Final Diagnosis -- Infection of Nocardia Farcinica


FINAL DIAGNOSIS:

Aerobic blood culture, bronchoalveolar lavage, and synovial fluid cultures were positive for Nocardia farcinica.

BAL culture also grew rare Aspergillus sp.

HISTORY:

In 1888, Dr. Edmund Nocard isolated an aerobic actinomycete from cattle with bovine farcy (pyogenic pulmonary and subcutaneous infections), which was subsequently identified as Nocardia farcinica. Nocardia farcinica is a gram positive, partially acid fast, filamentous bacilli, and is considered an opportunistic pathogen. Nocardia species are exogenous; that is, they are caused by organisms that are not part of the normal human flora. It is found in soil, decaying vegetation, and ventilation systems. Nocardiosis is defined as an acute, subacute, or chronic disease, which usually begins in the respiratory tract. The disease manifestations include fever, a productive mucopurulent cough, and non-resolving infiltrates on chest radiographs. From the lungs, hematogenous dissemination occurs in 50% of patients. Metastatic brain abscesses develop in about 1/3 of patients resulting in headaches, altered mental status, focal neurologic deficits, and seizures. In spite of hematogenous spread, blood cultures and cerebral spinal fluid cultures invariably fail to demonstrate the organism.

The organism is acquired by inhalation (pulmonary), traumatic introduction (cutaneous), and opportunistic exposure (ocular). NAC cause bronchopulmonary disease in immunocompromised patients with a high predilection for hematogenous spread to the central nervous system and skin. Patients at greatest risk are those with T-lymphocyte deficiencies (malignancies and acquired immunodeficiency), those on immunosuppressive therapy (corticosteroids and transplant recipients), and individuals with chronic pulmonary disease (bronchitis, emphysema, asthma, bronchiectasis, and alveolar proteinosis). The diagnosis of Nocardia species infection should be considered when an immunocompromised patient develops pneumonia with cavitation, particularly if there is evidence of dissemination to the central nervous system or subcutaneous tissue.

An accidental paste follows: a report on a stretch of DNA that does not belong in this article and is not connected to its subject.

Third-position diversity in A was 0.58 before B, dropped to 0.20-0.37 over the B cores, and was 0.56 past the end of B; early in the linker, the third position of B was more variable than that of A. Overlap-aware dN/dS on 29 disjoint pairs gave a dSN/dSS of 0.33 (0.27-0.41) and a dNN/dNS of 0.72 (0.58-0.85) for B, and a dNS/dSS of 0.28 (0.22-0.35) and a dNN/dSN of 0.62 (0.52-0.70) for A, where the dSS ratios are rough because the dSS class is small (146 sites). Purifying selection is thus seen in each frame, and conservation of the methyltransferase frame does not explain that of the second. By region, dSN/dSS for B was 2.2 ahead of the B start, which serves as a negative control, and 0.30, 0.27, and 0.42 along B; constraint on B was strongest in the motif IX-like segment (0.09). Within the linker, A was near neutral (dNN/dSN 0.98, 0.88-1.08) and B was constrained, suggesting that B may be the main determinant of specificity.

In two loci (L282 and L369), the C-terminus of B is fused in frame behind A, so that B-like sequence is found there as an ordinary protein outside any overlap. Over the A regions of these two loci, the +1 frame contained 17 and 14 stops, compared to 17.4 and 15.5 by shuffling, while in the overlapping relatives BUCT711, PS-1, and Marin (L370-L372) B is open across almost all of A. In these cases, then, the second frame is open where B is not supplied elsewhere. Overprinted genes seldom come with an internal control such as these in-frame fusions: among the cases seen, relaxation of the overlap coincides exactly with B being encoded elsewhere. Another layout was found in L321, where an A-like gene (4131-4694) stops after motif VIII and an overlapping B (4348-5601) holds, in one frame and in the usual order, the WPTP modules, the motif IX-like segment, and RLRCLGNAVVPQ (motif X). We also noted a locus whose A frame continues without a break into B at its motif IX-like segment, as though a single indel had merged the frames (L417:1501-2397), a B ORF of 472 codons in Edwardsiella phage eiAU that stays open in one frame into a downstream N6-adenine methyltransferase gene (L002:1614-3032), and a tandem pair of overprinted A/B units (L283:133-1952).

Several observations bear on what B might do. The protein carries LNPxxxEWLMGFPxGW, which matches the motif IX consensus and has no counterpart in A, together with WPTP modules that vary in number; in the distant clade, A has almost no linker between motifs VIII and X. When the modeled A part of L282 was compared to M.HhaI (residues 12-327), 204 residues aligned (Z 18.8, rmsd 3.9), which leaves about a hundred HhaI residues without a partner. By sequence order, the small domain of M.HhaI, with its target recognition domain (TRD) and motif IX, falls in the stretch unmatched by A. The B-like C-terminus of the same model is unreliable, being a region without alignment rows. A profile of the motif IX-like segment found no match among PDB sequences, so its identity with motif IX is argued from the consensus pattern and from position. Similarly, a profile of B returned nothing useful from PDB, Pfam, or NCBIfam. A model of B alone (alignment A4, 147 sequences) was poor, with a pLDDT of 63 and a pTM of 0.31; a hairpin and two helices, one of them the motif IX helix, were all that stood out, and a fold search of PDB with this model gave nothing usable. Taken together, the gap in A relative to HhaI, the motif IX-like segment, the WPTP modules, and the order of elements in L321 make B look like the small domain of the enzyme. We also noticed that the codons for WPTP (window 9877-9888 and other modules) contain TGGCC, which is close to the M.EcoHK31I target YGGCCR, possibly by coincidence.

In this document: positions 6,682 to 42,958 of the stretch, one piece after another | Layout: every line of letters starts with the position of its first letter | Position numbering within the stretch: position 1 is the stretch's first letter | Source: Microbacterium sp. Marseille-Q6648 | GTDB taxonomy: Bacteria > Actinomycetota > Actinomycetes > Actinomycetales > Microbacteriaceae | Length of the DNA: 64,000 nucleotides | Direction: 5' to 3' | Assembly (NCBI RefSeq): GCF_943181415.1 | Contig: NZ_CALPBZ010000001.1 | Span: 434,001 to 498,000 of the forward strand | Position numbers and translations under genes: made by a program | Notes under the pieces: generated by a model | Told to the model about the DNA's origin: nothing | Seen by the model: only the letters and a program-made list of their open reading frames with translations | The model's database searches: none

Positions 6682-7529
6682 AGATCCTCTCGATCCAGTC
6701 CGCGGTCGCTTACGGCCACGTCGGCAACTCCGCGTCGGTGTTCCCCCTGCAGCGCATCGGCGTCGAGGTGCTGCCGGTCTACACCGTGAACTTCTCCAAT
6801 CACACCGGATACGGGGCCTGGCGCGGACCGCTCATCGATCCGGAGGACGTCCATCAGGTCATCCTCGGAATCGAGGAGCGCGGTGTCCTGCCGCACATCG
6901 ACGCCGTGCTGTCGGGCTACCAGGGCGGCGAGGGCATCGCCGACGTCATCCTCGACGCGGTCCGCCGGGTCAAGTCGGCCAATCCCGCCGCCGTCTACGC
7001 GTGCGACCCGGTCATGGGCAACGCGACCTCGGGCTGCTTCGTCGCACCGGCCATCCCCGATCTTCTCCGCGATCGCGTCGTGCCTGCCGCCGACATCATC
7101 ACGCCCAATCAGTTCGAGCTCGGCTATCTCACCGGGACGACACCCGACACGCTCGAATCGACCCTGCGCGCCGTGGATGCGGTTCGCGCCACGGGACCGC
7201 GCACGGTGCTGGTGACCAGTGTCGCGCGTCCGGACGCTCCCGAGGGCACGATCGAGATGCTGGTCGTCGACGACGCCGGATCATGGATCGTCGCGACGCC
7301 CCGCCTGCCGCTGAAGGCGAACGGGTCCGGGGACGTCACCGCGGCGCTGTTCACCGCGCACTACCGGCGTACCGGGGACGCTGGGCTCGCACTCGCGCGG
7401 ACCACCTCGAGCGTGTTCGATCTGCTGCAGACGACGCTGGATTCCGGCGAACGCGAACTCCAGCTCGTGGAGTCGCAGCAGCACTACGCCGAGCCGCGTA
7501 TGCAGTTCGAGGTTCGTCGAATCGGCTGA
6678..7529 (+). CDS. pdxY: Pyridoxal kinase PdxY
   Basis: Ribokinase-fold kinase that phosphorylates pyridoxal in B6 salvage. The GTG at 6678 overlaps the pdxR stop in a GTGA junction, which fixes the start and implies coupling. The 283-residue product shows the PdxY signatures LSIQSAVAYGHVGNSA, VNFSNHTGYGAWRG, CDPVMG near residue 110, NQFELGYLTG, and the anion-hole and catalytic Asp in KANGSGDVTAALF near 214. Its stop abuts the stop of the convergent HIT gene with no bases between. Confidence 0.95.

IDENTIFICATION:

Nocardia farcinica has the ability to grow at 45 Celsius and resistance to erythromycin, cefotaxime, and tobramycin is a common feature for this organism. These characteristics help to distinguish N. farcinica from N. asteroides. If isolation is performed on Middlebrook agar, Nocardia farcinica will result in opacification; while all other Nocardia species are negative.